Where gestures in Living Toys cast solo instrumental agents as proto-dramatic enactors of a literary programme, in America: A Prophecy the modalities of music’s temporally unfolding shapes spring from the very different textural situation of a lone voice pitted against the collective. The solo mezzo-soprano in America issues her prophetic visions of destruction as a challenge to the massed sonority of a full orchestra and chorus. Like William Blake (from whom he took his title), Adès seeks to illuminate within documented historical events an underlying layer of deeper archetypes. This historical ‘America’ refers to the home of Mayan and Mexica (Aztec) peoples in the Yucatán peninsula, invaded in 1519 by Spanish conquistadores. Adès’s vocalist is a seer, her ‘Prophecy’ delivered in words sacred to the vanquished, from books of their ‘jaguar priests’ (Chilam Balam).Footnote 21 ‘O my nation / Prepare … They will come from the east’, she warns in the first of the two panels of Adès’s fifteen-minute diptych form; in the second she foretells inevitable destruction: ‘we shall burn, we shall turn to ash’. The music’s fierce progression is from a briefly glimpsed antediluvian calm, through states of disturbance, to a climax of mounting excitement, moving on finally to an awful emptiness, the aftermath of destruction. America’s Panel I falls into six sections, while the shorter Panel II comprises three.Footnote 22 Like a mural, the score treats actual historical events, yet seems to avoid diachronic ‘history’ in its local arrangement. The piece, instead, works in gestures with more abstract referents: fear of the future, a fateful moment of encounter, apocalypse as calendrical certainty. America does not create a musicalised drama so much as give sounding form to the broader cultural representations of myth.Footnote 23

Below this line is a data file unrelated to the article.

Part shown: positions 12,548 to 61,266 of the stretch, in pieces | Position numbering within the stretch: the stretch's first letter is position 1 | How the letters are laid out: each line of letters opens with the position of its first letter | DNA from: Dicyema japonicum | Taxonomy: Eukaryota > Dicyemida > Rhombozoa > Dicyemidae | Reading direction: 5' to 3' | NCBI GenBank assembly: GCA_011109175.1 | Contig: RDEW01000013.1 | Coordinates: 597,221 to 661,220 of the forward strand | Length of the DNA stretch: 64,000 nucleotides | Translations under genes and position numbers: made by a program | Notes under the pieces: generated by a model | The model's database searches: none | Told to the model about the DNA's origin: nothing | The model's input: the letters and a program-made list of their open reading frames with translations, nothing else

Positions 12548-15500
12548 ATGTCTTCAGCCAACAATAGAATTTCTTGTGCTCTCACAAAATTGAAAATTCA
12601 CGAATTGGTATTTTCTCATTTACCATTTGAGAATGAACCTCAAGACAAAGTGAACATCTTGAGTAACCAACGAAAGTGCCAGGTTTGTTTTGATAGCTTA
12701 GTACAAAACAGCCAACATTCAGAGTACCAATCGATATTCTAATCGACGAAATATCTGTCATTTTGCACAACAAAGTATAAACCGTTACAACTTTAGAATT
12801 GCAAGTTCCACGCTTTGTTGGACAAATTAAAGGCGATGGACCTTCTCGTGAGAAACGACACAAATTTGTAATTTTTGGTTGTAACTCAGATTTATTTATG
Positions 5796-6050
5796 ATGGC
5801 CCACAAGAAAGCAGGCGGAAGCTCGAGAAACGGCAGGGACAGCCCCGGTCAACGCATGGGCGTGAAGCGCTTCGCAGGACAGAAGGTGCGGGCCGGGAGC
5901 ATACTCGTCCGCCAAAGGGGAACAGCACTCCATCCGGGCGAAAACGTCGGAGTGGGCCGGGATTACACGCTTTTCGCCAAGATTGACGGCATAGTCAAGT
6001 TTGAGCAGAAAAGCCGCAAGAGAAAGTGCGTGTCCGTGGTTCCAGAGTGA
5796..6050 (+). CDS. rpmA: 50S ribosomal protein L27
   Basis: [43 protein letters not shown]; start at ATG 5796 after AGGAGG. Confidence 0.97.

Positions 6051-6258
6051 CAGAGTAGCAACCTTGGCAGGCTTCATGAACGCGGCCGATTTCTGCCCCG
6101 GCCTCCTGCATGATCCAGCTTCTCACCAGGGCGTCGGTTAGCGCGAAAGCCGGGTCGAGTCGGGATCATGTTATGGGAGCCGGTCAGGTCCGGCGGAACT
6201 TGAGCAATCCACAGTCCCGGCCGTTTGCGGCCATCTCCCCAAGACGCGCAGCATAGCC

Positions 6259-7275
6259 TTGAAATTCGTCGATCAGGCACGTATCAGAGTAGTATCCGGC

The grand gestures in Adès’s scheme cannot be reduced to some schematic ‘before–after’ sequence. The whole piece is taken up with the ‘priestess’-singer’s prophetic visions. At the end of Panel I Adès writes only a comma, directing that Panel II follow attacca: the absence of transition or real pause marks a filmic gap in representation (a black screen between visual scenes). ‘Prepare’, she warns (but there is no time to do so). When she returns, just a few seconds later (‘Weep’), she sings in a prophet’s future-tense vision of that which is to come. The Mayan texts, Adès observes, ‘are both prophecies and histories’,Footnote 24 and it is from this double-temporal perspective that we may listen for the telling musico-gestural signals of America. The sumptuous brass fanfares, for example, midway through Panel I (bars 124–93), in context, announce a self-evidently ‘Spanish’ music, yet the musical battle, as Paul Griffiths suggests, sounds ambiguous in tone, mingling graphic destruction with flamboyant excitement.Footnote 25 Listening for gesture at a mythic level, we may discern the crusading certitude of European Christianity, and also the strangeness of encounter, of ‘contact’ – for both sides – with the unknown.Footnote 26 Stories of Hernán Cortés in March 1519, greeted by the Mexica ruler Moctezuma as a returning lord, the god Quetzalcoatl foretold by astrologers, constitute a widely circulated apotheosis trope which was inscribed by the 1570s in Franciscan conquest narratives.Footnote 27 Cortés’s establishment of ‘New Spain’ on the ruins of the cities of indigenous peoples – and Europe’s rapacious imperialism – sprang from a collision of mutually strange selves and others, channelled through voices speaking for opposing faiths and cosmologies.